He was born in August 1897 in Istanbul, Turkey and he was the only son of His Excellency Mustafa Sekib Bey and Her Highness princess Emine Aziza Khanum. He was married to Her Highness princess Semiha Hussayn and the couple did not have any children. He studied in Berlin and Lausanne and became a doctor of political and social sciences. In his capacity as statesman, he dedicated himself to the development of aviation in his home country, Egypt.

He was the President and founder of the Aero Club in Egypt (1931) and, on the same year, he co-founded the Egyptian national airline, whereas he also served as President of the International Aeronautic Federation (1934-1947). He organised two sightseeing flight tours in the desert (tours in the oases were an innovation at the time), in 1934 and 1935. He was an aficionado of sports and served as president of various sports federations and associations.

He served as president of the Egyptian Royal Automobile Club (1932-1941), then as president of the Egyptian National Sports Committee (1934-1942) and the Egyptian Fencing Federation (1936-1952) and was also president and founder of the Egyptian Equestrian Federation and the Cairo Equestrian Club (1935-1952). In addition, he was the president and founder of the Egyptian Gliding Association.

Nowadays he is mostly known for having devised, during the 1948 London Olympic Games, the idea of the organisation of games on a Mediterranean level. Three years later, following a trial in Istanbul in 1949, he founded and organised the First Mediterranean Games, held in Alexandria in 1951. He organised the World Fencing Championship in Cairo in 1934, World and European Championships in Egypt in 1952 and also served as president of the Egyptian Olympic Committee between 1946 and 1952.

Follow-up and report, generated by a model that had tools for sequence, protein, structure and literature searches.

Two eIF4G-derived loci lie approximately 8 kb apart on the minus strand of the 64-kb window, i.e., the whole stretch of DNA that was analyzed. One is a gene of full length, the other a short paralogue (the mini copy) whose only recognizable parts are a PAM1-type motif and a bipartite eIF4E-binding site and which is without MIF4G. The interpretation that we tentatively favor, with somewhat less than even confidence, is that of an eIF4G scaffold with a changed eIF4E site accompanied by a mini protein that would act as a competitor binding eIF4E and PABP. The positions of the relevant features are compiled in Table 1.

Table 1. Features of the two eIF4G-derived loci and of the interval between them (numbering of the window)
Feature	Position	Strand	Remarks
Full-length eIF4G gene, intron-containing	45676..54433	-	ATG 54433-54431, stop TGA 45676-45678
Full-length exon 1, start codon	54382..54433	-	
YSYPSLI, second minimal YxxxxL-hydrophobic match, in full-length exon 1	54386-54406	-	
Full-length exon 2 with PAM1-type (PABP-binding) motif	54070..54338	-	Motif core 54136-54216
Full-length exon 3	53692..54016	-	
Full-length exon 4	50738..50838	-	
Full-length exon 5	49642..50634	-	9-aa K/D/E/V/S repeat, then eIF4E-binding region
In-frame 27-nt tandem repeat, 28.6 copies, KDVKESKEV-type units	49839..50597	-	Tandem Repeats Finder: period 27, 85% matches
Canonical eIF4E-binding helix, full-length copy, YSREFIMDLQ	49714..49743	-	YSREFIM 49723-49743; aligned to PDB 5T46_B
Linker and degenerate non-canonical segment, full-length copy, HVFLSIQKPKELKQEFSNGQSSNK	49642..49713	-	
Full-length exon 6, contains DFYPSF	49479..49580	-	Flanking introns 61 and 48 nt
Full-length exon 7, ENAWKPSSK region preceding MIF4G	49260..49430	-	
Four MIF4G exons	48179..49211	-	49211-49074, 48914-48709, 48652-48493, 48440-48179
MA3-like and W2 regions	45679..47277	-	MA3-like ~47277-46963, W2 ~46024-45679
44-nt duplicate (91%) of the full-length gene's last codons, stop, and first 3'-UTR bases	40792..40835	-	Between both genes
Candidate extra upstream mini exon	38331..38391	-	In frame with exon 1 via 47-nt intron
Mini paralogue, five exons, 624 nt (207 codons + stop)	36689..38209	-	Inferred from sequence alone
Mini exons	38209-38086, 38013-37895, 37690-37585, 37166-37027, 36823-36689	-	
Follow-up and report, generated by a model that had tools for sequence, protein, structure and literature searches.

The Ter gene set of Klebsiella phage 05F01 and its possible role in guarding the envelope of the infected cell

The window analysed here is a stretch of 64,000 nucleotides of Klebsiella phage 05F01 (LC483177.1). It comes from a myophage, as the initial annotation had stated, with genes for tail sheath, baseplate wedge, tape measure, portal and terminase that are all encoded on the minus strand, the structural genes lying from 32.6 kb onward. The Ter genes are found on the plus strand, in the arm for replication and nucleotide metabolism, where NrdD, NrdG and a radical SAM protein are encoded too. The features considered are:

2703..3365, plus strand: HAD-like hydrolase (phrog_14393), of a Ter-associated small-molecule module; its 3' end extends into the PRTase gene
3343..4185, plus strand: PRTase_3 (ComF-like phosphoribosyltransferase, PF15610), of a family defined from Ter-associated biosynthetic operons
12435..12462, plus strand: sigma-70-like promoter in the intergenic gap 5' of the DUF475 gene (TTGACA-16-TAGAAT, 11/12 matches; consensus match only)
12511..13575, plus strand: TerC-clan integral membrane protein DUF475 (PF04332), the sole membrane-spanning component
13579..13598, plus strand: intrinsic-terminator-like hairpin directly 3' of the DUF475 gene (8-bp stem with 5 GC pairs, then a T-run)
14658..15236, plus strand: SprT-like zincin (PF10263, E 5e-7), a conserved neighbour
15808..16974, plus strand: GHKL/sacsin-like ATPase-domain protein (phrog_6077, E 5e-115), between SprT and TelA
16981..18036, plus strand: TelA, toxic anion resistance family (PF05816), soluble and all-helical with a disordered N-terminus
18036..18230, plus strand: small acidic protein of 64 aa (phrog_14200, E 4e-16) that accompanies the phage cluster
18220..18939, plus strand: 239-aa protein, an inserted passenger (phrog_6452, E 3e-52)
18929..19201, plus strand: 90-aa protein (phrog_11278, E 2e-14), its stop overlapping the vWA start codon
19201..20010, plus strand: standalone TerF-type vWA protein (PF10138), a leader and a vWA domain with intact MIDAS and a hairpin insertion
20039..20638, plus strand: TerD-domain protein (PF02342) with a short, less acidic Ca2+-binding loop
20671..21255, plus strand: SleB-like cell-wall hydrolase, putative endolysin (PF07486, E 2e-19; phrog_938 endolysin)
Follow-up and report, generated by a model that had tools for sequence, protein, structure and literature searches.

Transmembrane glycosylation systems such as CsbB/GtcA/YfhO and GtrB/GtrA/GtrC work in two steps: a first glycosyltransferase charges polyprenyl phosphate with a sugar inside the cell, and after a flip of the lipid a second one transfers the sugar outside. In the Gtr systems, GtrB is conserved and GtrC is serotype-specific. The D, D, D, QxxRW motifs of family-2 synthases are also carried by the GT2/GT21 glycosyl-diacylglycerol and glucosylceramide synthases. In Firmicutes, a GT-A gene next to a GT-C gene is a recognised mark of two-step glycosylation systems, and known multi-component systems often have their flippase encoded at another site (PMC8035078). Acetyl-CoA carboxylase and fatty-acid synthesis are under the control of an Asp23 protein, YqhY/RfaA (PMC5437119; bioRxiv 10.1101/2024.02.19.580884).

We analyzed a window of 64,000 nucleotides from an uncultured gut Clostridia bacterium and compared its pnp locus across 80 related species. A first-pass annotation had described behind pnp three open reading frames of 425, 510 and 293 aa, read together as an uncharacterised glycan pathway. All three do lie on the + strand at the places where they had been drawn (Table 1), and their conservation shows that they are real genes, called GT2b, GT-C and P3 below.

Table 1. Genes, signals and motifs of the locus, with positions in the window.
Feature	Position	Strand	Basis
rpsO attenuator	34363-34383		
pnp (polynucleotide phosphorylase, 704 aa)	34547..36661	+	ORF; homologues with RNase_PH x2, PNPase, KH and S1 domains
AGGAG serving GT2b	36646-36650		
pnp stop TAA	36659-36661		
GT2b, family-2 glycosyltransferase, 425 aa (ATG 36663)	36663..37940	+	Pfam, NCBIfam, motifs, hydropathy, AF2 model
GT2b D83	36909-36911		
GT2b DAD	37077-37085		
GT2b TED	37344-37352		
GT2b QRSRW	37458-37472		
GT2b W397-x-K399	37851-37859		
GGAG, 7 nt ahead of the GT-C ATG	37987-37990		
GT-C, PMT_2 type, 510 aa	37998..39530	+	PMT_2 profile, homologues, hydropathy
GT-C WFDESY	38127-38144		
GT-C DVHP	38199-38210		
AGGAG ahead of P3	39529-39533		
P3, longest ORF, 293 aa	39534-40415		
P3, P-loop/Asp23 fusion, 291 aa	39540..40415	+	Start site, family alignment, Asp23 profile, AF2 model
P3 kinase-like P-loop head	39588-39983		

He became an IOC member under the presidency of Count Henri de Baillet-Latour on 17 May 1934 and, during his term, served as member under three IOC presidents, including Sigfrid Edström and Avery Brundage. He was elected as member of the Executive Board for the period between 16 July 1952 and 20 November 1956 and also was Chef de Protocol and Assistant to ICO President Avery Brundage from 1960-1964.

In 1950, he donated the Mohammed Taher Trophy to the IOC, whose first laureate was the Belgian fencing champion Paul Anspach in 1951. As regards his political and diplomatic career, Taher Pacha served as Senator of the Kingdom of Egypt as well as special envoy of the Kingdom in Sweden with the title of ambassador.

He settled in Lausanne after being forced to leave Egypt for political reasons and continued his career as member of the IOC, now being close to the seat of the Committee. He resigned from the IOC on 31 October 1968, after having contributed to 25 out of the 37 sessions organised during his term in the Olympic institution. He became an honourary member in 1968, spent some more time in Lausanne, and then returned to Turkey where he passed away on 27 January 1970 in Istanbul.